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Tested: 2022 Cadillac CT5-V Blackwing Is the Real Deal

Tested: 2022 Cadillac CT5-V Blackwing Is the Real Deal

The most fun you can have with four doors

  • 668 horsepower from a 6.2-liter supercharged V8 engine
  • Your choice of a six-speed manual or a 10-speed automatic transmission
  • Expertly tuned stability control helps all skill levels

When talking about heavyweights, size and power usually define the class. Maneuverability, a deft touch and longevity generally do not. But, as one of the heavyweights, the 2022 Cadillac CT5-V Blackwing is a bit of a contradiction. Oh sure, it'll ignite the rear tires if you so much as look at the throttle pedal the wrong way, and it's happy to throw down quarter-mile trap speeds in excess of 120 mph all day. But it's also got some subtlety up its blacked-out sleeves.

Is it as fast as a BMW M5 Competition or a Tesla Model S Plaid? Who cares! It's fast and it's loud. Oh, and the one we tested came with a manual transmission. Let's see what it did.

Stomp and go

It's important to keep in mind that the CT5-V Blackwing is a sedan. A big sedan. Because what it did at our test track is not usually in the wheelhouse of a big sedan. Keep in mind this was done on California's 91 octane gas. The numbers:

  • 0-60 in 4.0 seconds (3.77 seconds with 1 foot of rollout)
  • 123.7 mph through the quarter mile
  • Stopped from 60 in 104 feet (iron brakes, not the optional carbon ceramics)
  • Pulled a 1.08 g on our skidpad

What's it like to get it through the quarter mile? Let's ask our test driver.

"Launch control comes in two flavors: automatic or do-it-yourself. Going the DIY route opens up a giant wormhole of possibilities, but I settled on a 2,200 rpm launch with a 7.5% slip number. Auto worked pretty well, too, but allowed for too much spin on our test track's normal asphalt. Mega power but interstellar gearing. First goes to something like 58 while second goes to 83! Once it hooks up and you're out of the wheelspin zone, it's utterly stable. Say what you want about the motor (it's great) but the gearbox is the star here. Robust without being heavy and balky; quick without sloppy. World-class. The car could do this all day."

He seems happy. But what about the brakes? As mentioned earlier, our test car was not equipped with the optional carbon-ceramic stoppers. Still, with 15.7-inch rotors and six-piston calipers up front and 14.7-inch rotors with four piston calipers out back, we expected solid performance.

"Surprised this didn't come with the optional carbon-ceramic brakes but it still stopped like a champ. Brakes even needed a bit of heat in them to deliver their best stops. Pedal is firm and doesn't take much to get into the meat of the stopping power. ABS is well matched to the tires so ABS noise and vibes were minimal. Some slight skipping/sliding near zero but that's what hi-po cars usually do. Totally stable and straight. Car hunkers down and stays down — credit to the MagneRide here.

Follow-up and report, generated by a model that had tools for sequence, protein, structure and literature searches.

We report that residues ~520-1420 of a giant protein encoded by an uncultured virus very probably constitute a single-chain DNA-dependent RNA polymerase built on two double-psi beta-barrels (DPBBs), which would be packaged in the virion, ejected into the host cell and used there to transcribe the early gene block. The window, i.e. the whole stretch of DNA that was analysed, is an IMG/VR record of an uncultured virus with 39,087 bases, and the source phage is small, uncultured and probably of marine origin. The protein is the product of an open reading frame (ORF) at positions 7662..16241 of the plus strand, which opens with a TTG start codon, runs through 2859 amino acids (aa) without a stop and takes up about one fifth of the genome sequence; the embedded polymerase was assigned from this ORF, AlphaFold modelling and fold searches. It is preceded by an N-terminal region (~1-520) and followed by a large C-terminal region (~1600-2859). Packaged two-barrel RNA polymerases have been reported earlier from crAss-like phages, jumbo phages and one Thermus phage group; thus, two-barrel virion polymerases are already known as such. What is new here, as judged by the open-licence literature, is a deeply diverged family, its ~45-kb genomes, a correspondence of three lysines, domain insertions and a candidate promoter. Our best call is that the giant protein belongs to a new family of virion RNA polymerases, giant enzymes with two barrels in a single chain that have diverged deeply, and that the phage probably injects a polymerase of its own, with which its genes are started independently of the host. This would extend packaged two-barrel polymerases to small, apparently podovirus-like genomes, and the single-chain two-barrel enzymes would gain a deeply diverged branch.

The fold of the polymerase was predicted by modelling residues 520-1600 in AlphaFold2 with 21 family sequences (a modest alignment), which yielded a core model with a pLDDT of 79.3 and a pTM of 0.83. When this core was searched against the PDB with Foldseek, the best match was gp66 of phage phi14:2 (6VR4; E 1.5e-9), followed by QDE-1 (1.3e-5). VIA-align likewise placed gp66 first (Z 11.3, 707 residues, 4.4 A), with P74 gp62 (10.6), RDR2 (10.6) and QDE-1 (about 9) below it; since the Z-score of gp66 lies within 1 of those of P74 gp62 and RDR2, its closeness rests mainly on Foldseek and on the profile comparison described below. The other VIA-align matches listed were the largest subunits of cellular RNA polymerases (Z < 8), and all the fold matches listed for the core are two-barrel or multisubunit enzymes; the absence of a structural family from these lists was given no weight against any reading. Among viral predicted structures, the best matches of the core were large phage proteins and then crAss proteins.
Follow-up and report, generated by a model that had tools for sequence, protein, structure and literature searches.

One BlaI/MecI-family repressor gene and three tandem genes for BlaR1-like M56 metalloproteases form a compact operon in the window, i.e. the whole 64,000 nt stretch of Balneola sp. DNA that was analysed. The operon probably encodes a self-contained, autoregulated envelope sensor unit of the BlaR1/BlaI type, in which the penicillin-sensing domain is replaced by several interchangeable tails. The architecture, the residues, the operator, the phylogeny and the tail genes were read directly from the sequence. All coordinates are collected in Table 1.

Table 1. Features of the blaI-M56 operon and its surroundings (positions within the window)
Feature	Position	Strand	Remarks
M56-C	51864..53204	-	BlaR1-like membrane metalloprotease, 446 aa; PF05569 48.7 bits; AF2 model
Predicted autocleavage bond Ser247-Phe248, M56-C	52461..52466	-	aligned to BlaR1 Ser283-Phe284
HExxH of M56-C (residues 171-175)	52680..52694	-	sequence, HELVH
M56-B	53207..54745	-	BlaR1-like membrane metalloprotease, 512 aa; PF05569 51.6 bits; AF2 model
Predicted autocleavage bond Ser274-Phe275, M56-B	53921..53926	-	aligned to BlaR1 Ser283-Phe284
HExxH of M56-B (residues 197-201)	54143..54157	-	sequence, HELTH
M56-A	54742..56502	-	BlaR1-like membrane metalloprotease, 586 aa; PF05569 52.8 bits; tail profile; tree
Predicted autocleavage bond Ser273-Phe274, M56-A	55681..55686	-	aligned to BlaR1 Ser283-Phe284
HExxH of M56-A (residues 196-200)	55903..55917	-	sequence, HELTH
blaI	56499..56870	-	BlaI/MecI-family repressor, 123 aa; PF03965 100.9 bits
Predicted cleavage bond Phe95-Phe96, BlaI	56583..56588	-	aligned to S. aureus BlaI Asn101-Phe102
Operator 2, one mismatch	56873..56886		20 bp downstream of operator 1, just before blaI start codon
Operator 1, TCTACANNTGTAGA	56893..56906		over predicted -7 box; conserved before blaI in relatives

"The brake-by-wire system doesn't transmit much feedback and that comes back to haunt the CT5-V on our handling loop. After several hard laps, the pedal started to feel wooden and I worried that I wasn't getting the full picture of how much stopping power I had left. The pedal simply doesn't let you press any harder but the stopping power doesn't feel as robust as it used to. Same story with the C8 so this is clearly a 'thing' with this braking system. Still, the fact that these brakes can haul down this missile without much fade on a brake-heavy track is pretty impressive. But if it were my money, I'd spring for the carbon ceramics."

Turn and burn

Again, this is a large sedan. And, according to our scales, it weighs 4,152 pounds with a full tank of gas. (That's how we test all of our vehicles, without exception.) At the corners of all that mass are Michelin Pilot Sport 4 S tires, with 275s up front and 305s at the back. As wide as those tires are, if we're honest, the CT5-V could use considerably more tire, a stickier tire (like the Michelin Sport Cup 2), or both. But that's not a criticism. Throwing it back to our throttle jockey:

"This is great. For something so big, there's some real delicacy to the way you can place the CT5-V. Steering is very accurate with appropriate weighting in every setting. Loads of stick and the Caddy uses all four wheels very effectively — until you goose the throttle. As expected, the ESC system is expertly calibrated for steady-state cornering. Even in the PTM [Performance Track Management] Race 2 setting, I could only just pip the Key Up setting. Around our handling loop, well, what else do you want from a big sedan? Accurate, grippy, predictable and great visibility. Careful with the right foot. Race 2 setting will send the CT5-V out of most corners with a bit of slip angle. I think I left two stripes out of each corner — even the fast ones. A hooligan on demand. So rad."

Edmunds says

The current V-Series Cadillacs are emitting some serious classic Pontiac performance energy and we're not the least bit mad about that. The CT5-V Blackwing wins our hearts for no other reason than it's just so awesome to drive. There's big noise, big power and big grip. But there's also nuance, precision and durability even at its considerable limits. It's a shame this might be the last mega-engined performance sedan produced by General Motors. It's a damn good one.